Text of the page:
Hydropower provides clean electricity to millions in Africa. It’s the largest source of renewable energy on the continent and accounts for nearly one quarter of total electricity generation in sub-Saharan Africa.
Some countries, however, have a much heavier reliance on it than others. For instance, hydropower accounts for at least 80% of electricity generation in the Democratic Republic of Congo, Ethiopia, Malawi, Mozambique, Uganda and Zambia.
The continent has a lot more hydropower potential too. With relatively abundant water resources, sub-Saharan Africa is estimated to have 1.4 petawatt hours a year of untapped, low cost potential. To put this into perspective, 1 PWh of energy could power about half a billion households for one year, assuming each household consumes an average of about 5.5 kWh per day.
However, there are political and environmental concerns that planners must consider if they want to expand hydropower. The tensions between Ethiopia and downstream countries in the Nile River basin, following the construction of the colossal Grand Renaissance Dam, are emblematic of this.
As a researcher who studies the linkages between energy systems and climate change, I’ve written a paper that highlights why using or increasing dependency on hydropower involves climate-related risks.
The global and regional climate is getting more extreme. Events such as droughts and floods are becoming more frequent. Worryingly, energy planning and management is not keeping pace with such changes in most African countries.
Climate change threat to hydropower
Hydroelectricity is generated by harnessing the kinetic energy of water. This water may come from rivers or water that’s been stored in natural or artificial basins. Water flows through turbines which spin. The kinetic energy of the moving water is converted into mechanical energy and eventually into electrical energy.
A dam’s power output is, therefore, very sensitive to extreme changes in river and water availability. It’s also sensitive to permanent changes in the weather from when it was constructed.
I carried out an extensive review of existing studies on the projected impacts of climate change on hydropower in different areas of sub-Saharan Africa. This included its impact on output, reliability and future hydropower prospects.
I found that the impact on hydropower output varies across regions. Countries in east Africa could benefit from a wetter climate in terms of hydropower output. On the other hand, there are serious concerns that countries in southern Africa and western Africa will face a drier climate.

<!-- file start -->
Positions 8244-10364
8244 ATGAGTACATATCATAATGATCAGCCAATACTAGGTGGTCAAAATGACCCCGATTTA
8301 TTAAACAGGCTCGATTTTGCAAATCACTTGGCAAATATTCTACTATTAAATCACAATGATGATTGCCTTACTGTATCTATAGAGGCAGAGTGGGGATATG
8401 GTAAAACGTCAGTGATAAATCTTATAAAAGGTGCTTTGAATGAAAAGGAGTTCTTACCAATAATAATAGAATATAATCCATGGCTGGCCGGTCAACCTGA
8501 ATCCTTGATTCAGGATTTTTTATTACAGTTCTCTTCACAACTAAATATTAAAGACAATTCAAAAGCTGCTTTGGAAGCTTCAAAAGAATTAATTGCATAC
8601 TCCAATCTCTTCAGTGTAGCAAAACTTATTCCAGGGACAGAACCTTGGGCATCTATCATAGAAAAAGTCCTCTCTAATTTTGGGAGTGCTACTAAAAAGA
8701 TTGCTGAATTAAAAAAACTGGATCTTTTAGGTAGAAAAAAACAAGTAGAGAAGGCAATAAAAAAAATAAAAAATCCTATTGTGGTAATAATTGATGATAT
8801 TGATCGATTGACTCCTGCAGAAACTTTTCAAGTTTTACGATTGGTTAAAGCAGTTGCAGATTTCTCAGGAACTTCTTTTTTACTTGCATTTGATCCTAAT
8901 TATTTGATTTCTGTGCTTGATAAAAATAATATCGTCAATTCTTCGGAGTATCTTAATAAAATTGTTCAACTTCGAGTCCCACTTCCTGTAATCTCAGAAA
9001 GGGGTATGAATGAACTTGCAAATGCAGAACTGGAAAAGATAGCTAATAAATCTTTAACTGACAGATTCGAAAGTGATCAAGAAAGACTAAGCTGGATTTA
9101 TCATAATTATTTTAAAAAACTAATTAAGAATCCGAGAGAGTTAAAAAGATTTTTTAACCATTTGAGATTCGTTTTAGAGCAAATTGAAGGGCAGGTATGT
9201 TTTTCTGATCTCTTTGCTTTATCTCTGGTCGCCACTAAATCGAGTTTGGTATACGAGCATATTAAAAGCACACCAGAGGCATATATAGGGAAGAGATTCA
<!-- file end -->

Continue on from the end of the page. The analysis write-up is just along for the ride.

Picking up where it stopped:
This would bring negative impacts. Drops in water levels mean turbines will operate at lower rates and therefore produce less electricity. Central Africa would be the least affected sub-region in terms of precipitation change and drought incidence.
The expected changes in precipitation levels and patterns are uncertain, however. Different climate models and scenarios offer a mixed picture of how the future might unfold, particularly over central and southwestern Africa.
Still, there is consensus that extreme hydrological events will increase throughout the continent with climate change. This will make power systems less reliable, unless there’s proper planning in place.
Several countries are more at risk than others because they depend largely, or entirely, on hydropower generation and have few back-up options available. These include the Democratic Republic of Congo, Ethiopia, Uganda, Zambia, Mozambique and Sierra Leone. Some might even increase their dependency on hydropower.
Only some countries have made progress in diversifying their energy mix. Kenya, for instance, has developed and continues to plan for significant alternative renewable capacity.
Planning and management of power supply
Several planning and management actions are needed to prepare for the effects of climate change on hydropower. This will ensure that citizens in sub-Saharan Africa benefit from a more reliable power supply.
First, hydropower-dependent countries need to accelerate their efforts to diversify their power mix. A new study demonstrated that African countries should increase investments in other renewable energy sources, such as solar and wind power. The study finds that in many areas, such as in the Zambezi and Niger river basins, renewables are becoming cost competitive or even cheaper than hydropower. The objective of investing in renewable sources of electricity is in line with the African Union’s Agenda 2063.
Second, countries must address inadequate power transmission infrastructure. This contributes to the lack of resilience. Countries could benefit from transboundary power trading opportunities among different sources of renewable energy. For instance dry spells, leading to reduced river streamflow, might coincide with high solar PV outputs in neighbouring countries, or vice versa. This will require both adequate generation and transmission infrastructure in different countries. It’ll also need a high level of coordination among different power producers and countries.
Finally, it’s essential to include a nexus approach in power system planning. For example, when planning new hydropower projects, policymakers must assess the future need for water in farming and cities. They should also assess the potential risks of multiple sectors needing water simultaneously.
Overall, power system planners must work with a robust framework that accounts for the inter-dependencies between hydropower, water availability and climate change in sub-Saharan Africa. Different actions can increase the resilience of hydropower infrastructure and ensure a reliable and sustainable power supply.
Giacomo Falchetta, Postdoctoral Research Scholar in Energy, Climate and Environment, International Institute for Applied Systems Analysis (IIASA)